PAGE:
The Rev. Bacon: Yeah. They have mystical experiences in nature, in the arts and in ritual. For you to take your children and expose—and just be with them on a walk in nature, or to take them to an art gallery, or to flip through a book of art or—or the theater or any kind of ritual and then—it's very important, and then to ask them what's going on with them and observe them. I had a turning point in my parenting once when I realized that I was trying to lead my children and I was trying to show them the truth, and I realized that I needed to stay a step behind my children and watch where truth was already calling to their hearts and to their true selves and engage them in a conversation and just be a midwife or a facilitator of this thing that's blooming inside of them. I remember your metaphor. Because spirituality is going to blossom. And what your job is, is to be there and to affirm them in having this direct connection with the spirit.
Oprah: You get that, right?
Victoria: I do. I do. I get that. I—I think I'm just so used to, you know, every religion has a church that they go to, and the spirituality doesn't work like that, so I'm struggling—
Elizabeth: There is a loneliness in that. There is. And I think that's—that's a problem, actually, that we will address as this sort of freer spirituality begins to take root in our culture because, as you said on our show last week, we can't do it alone. We yearn for community. We want to help. We don't want to be our—the only teacher of our children. So do you have friends, parents of—of children—your children's friends who share this kind of open spiritual thinking?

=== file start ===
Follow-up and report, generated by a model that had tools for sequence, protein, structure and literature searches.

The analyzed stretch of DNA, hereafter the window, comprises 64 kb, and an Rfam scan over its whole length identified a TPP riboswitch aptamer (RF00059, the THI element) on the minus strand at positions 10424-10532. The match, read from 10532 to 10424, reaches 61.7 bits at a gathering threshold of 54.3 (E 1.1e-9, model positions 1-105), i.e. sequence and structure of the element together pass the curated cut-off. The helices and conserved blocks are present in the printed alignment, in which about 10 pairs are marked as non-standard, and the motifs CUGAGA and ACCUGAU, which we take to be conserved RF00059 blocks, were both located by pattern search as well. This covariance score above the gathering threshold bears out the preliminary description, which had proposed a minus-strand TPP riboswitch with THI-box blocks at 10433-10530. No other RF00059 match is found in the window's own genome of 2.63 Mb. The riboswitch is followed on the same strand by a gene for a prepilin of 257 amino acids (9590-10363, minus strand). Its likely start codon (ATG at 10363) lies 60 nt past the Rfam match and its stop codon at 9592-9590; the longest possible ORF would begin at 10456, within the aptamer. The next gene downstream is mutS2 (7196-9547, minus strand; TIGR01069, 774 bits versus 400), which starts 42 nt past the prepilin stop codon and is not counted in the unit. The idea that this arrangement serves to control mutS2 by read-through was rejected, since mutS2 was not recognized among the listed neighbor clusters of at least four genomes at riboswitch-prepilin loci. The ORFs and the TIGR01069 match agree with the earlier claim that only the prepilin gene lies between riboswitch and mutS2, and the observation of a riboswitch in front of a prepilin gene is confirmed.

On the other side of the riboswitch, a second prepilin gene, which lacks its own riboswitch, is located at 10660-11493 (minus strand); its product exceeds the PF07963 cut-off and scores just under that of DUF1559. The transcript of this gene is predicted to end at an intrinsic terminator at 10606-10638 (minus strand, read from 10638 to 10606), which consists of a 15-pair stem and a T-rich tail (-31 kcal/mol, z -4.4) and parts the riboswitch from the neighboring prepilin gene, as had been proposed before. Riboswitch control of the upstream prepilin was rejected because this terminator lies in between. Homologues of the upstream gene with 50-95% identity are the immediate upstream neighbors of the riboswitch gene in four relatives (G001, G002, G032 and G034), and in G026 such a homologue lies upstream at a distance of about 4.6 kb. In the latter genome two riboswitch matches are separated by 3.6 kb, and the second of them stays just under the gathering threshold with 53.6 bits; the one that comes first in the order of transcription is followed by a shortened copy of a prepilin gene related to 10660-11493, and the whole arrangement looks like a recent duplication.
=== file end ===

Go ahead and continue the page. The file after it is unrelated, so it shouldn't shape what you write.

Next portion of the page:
Victoria: My—my parents have come to—they have a very strong spiritual path. They live in Washington. But most of my friends, honestly, are more in the organized religion, and that's how I've come about experiencing several different religions, and it's just a judgmental path that I don't want to pass down to my children. I'm struggling moving off that path on my own. I would prefer not to have them start that way and then find the right path later, so that's what I'm looking for and I mean I respect all of you very much just—it's been a long time since I've heard anyone, you know, even like the reverends sort of talk about acceptance rather than God is judgmental, because I've never believed that and I think that's why I'm struggling. And I guess I just need to get out more and maybe look for being more open in talking to people and finding out if they're following religion or spirituality and try and connect on that level.
Oprah: And I'm sure that—
Victoria: What you said about finding a book and reading that with my children and let them know that I'm seeking and that I don't actually know it, that's sort of a—a relief. I mean I feel like I'm supposed to know it for them. I'm supposed to have the answers.
Elizabeth: Most of us don't know it.
The Rev. Bacon: No, no, no.
Elizabeth: Most of us up here, we don't know it either.
Elizabeth: We're all seeking. We're more seekers than finding. Human life is about seeking.